Antony Blinken to meet with Belarus opposition leader in Washington

Antony Blinken to meet with Belarus opposition leader in Washington


Blinken is the highest-level US official to meet with Tsikhanouskaya to date — a show of support for the dissident who was forced into exile in Lithuania after running against Lukashenko in an August 2020 election denounced by the international community as neither free nor fair.

The top US diplomat will join Tsikhanouskaya’s meeting with Undersecretary of State for Political Affairs Toria Nuland at the State Department, according to an updated departmental public schedule released Monday morning.

In an interview with CNN’s Jim Sciutto Monday, Tsikhanouskaya said the United States “has a moral obligation to be with us.” She asked the US “to help civil society to survive.”

Tsikhanouskaya, a former teacher whose husband was jailed by the Lukashenko regime, called on the US to do more, saying it should not hesitate to put “sanctions on the the cronies of the regime … to stop this violence as soon as possible and bring our country to new elections and after to democracy.”

“I think that nothing is enough at the moment. I’m sure that all the actions that the USA and European Union are doing … could be faster, could be stronger,” she said.

A State Department spokesperson told CNN last Friday that officials looked “forward to discussing with (Tsikhanouskaya) how the United States can continue to support the aspirations of the Belarusian people” and said that the US “stands with the people of Belarus and members of its civil society, supports their aspirations for a democratic, free, and prosperous future.”

“We echo their call for the regime to respect human rights and fundamental freedoms. We are committed to close coordination with like-minded allies and partners, on next steps,” the spokesperson said.

The US and international community have taken a series of actions against Lukashenko government in the wake of last August’s election in which “Europe’s last dictator” refused to step down and initiated a violent and ongoing campaign of crackdowns on protesters, dissidents and journalists in Belarus.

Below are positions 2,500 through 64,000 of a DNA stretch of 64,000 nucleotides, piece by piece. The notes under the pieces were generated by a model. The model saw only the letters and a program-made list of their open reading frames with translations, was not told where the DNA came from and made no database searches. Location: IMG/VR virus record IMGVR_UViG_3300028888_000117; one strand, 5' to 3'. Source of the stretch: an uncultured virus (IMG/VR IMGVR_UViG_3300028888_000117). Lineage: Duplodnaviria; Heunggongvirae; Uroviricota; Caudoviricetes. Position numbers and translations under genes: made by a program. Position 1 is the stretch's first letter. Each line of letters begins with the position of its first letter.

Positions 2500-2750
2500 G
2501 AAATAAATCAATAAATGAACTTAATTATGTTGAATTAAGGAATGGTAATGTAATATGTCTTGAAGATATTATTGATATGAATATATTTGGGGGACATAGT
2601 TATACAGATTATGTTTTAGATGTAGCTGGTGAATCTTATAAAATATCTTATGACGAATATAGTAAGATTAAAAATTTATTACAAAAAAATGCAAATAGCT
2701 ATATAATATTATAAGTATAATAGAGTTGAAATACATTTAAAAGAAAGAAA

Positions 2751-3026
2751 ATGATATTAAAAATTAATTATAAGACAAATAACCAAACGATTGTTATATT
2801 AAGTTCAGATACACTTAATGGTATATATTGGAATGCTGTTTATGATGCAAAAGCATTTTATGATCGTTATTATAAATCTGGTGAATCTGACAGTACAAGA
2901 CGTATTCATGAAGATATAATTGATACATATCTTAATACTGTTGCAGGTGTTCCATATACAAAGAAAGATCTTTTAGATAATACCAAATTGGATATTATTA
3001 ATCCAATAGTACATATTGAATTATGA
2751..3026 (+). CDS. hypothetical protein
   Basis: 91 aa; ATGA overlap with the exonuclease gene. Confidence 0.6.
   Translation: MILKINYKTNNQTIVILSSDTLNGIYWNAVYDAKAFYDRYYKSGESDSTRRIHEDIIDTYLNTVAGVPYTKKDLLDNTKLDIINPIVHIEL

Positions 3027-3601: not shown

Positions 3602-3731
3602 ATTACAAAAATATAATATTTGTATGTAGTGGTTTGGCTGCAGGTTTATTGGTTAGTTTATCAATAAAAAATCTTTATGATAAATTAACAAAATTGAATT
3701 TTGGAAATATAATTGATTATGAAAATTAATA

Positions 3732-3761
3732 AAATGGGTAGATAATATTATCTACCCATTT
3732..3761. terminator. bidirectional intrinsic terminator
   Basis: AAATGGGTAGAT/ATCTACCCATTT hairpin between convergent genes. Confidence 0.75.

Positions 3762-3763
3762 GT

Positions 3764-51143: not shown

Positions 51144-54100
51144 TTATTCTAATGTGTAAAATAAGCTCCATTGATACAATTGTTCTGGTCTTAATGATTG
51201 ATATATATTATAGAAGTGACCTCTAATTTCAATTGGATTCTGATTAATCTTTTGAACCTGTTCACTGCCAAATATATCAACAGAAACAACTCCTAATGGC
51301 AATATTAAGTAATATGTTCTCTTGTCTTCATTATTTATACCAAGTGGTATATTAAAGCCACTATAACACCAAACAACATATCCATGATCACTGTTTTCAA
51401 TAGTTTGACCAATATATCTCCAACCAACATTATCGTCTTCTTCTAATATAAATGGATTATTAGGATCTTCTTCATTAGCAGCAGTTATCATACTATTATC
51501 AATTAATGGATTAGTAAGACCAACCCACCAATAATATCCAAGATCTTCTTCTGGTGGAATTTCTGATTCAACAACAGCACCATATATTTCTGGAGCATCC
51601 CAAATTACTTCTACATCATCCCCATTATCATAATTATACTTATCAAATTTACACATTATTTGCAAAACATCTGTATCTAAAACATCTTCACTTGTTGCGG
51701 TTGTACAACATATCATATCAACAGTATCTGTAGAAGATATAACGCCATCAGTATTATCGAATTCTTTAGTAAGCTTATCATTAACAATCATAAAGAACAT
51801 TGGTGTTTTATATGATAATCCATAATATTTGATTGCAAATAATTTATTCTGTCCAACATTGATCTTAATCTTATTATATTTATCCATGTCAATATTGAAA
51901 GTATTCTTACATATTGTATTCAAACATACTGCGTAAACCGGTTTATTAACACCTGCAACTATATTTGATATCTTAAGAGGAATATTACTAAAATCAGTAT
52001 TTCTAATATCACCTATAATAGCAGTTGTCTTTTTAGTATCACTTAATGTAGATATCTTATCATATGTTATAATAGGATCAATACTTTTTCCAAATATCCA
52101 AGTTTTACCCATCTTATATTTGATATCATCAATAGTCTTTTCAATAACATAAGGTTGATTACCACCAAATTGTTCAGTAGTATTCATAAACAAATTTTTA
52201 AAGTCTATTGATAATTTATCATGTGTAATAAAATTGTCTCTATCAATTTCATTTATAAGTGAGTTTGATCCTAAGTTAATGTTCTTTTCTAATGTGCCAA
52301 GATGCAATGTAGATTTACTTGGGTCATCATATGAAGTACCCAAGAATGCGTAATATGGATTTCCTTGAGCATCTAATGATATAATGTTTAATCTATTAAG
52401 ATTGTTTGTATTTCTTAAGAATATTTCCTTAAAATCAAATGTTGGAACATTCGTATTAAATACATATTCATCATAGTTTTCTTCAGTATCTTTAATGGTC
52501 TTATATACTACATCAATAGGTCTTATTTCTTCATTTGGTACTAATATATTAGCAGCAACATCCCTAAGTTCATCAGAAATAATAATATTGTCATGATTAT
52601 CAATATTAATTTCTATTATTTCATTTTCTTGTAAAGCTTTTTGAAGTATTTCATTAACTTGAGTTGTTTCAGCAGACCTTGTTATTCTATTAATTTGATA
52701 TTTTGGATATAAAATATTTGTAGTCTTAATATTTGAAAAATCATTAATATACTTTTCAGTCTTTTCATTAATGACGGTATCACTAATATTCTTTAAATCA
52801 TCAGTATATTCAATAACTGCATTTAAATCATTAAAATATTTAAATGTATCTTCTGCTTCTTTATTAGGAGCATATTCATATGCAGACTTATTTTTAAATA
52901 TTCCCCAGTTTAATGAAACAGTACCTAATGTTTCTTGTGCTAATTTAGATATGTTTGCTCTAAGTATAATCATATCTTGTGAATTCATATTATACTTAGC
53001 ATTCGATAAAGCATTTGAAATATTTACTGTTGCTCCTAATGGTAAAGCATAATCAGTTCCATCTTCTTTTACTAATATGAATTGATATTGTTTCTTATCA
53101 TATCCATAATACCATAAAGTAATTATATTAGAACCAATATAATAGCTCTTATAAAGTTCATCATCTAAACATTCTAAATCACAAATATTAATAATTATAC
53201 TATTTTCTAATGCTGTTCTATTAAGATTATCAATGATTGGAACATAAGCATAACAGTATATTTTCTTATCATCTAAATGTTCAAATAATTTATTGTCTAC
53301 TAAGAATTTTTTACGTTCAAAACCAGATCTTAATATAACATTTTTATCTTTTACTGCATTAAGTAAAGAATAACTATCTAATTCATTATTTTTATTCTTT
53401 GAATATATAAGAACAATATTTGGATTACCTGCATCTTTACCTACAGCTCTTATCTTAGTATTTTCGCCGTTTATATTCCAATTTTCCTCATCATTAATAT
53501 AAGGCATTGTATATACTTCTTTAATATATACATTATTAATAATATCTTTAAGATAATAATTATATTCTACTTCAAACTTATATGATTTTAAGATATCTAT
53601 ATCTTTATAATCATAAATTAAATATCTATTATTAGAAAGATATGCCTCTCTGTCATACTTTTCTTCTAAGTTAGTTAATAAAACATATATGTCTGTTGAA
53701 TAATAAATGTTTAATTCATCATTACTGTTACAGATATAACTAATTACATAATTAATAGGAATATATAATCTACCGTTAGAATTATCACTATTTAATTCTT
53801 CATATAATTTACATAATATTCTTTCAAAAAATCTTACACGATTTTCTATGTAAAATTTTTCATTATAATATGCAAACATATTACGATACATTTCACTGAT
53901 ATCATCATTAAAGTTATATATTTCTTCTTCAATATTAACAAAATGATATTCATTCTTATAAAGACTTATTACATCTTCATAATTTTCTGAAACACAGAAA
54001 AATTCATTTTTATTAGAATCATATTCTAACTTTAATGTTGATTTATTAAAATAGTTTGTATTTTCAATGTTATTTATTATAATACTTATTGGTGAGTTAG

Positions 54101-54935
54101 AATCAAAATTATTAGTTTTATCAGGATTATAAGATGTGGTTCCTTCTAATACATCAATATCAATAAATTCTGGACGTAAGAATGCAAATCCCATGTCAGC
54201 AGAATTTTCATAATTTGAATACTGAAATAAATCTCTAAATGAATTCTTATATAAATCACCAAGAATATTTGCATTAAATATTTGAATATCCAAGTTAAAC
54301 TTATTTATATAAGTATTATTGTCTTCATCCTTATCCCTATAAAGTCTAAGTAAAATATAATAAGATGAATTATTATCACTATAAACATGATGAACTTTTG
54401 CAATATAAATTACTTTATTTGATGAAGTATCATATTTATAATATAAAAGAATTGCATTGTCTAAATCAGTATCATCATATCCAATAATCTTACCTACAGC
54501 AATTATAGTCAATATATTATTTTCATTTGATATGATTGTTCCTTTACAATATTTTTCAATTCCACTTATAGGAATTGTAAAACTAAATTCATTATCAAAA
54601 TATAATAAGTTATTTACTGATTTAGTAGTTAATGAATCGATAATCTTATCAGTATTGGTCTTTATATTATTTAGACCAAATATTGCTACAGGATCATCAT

In June, the US, European Union, United Kingdom and Canada imposed fresh sanctions on Belarus in a coordinated response to the Lukashenko government’s forced landing of a Ryanair flight and arrest of an opposition journalist last month as well as the “continuing repression” in the former Soviet state.

In a joint statement, the partners said they were “united in our deep concern regarding the Lukashenka regime’s continuing attacks on human rights, fundamental freedoms, and international law.”

Tsikhanouskaya said on Twitter that she would meet with National Security Adviser Jake Sullivan, US Agency for International Development Administrator Samantha Power and a number of congressional lawmakers while in DC before traveling on to New York, San Francisco and Los Angeles.

It is unclear if US President Joe Biden will meet with the opposition leader, despite a call from bipartisan members of the newly formed “Friends of Belarus Caucus” for him to do so. Those lawmakers said in a letter to Biden last week that such a meeting would “send a message to Lukashenko, his allies, and the world that the United States will not tolerate such political repressions and state-sponsored violence that have taken place in Belarus.”

A senior administration official on Friday said that “senior officials at the White House look forward to meeting Ms. (Tsikhanouskaya) next week when she is in Washington.”

CNN’s Donald Judd contributed to this report.

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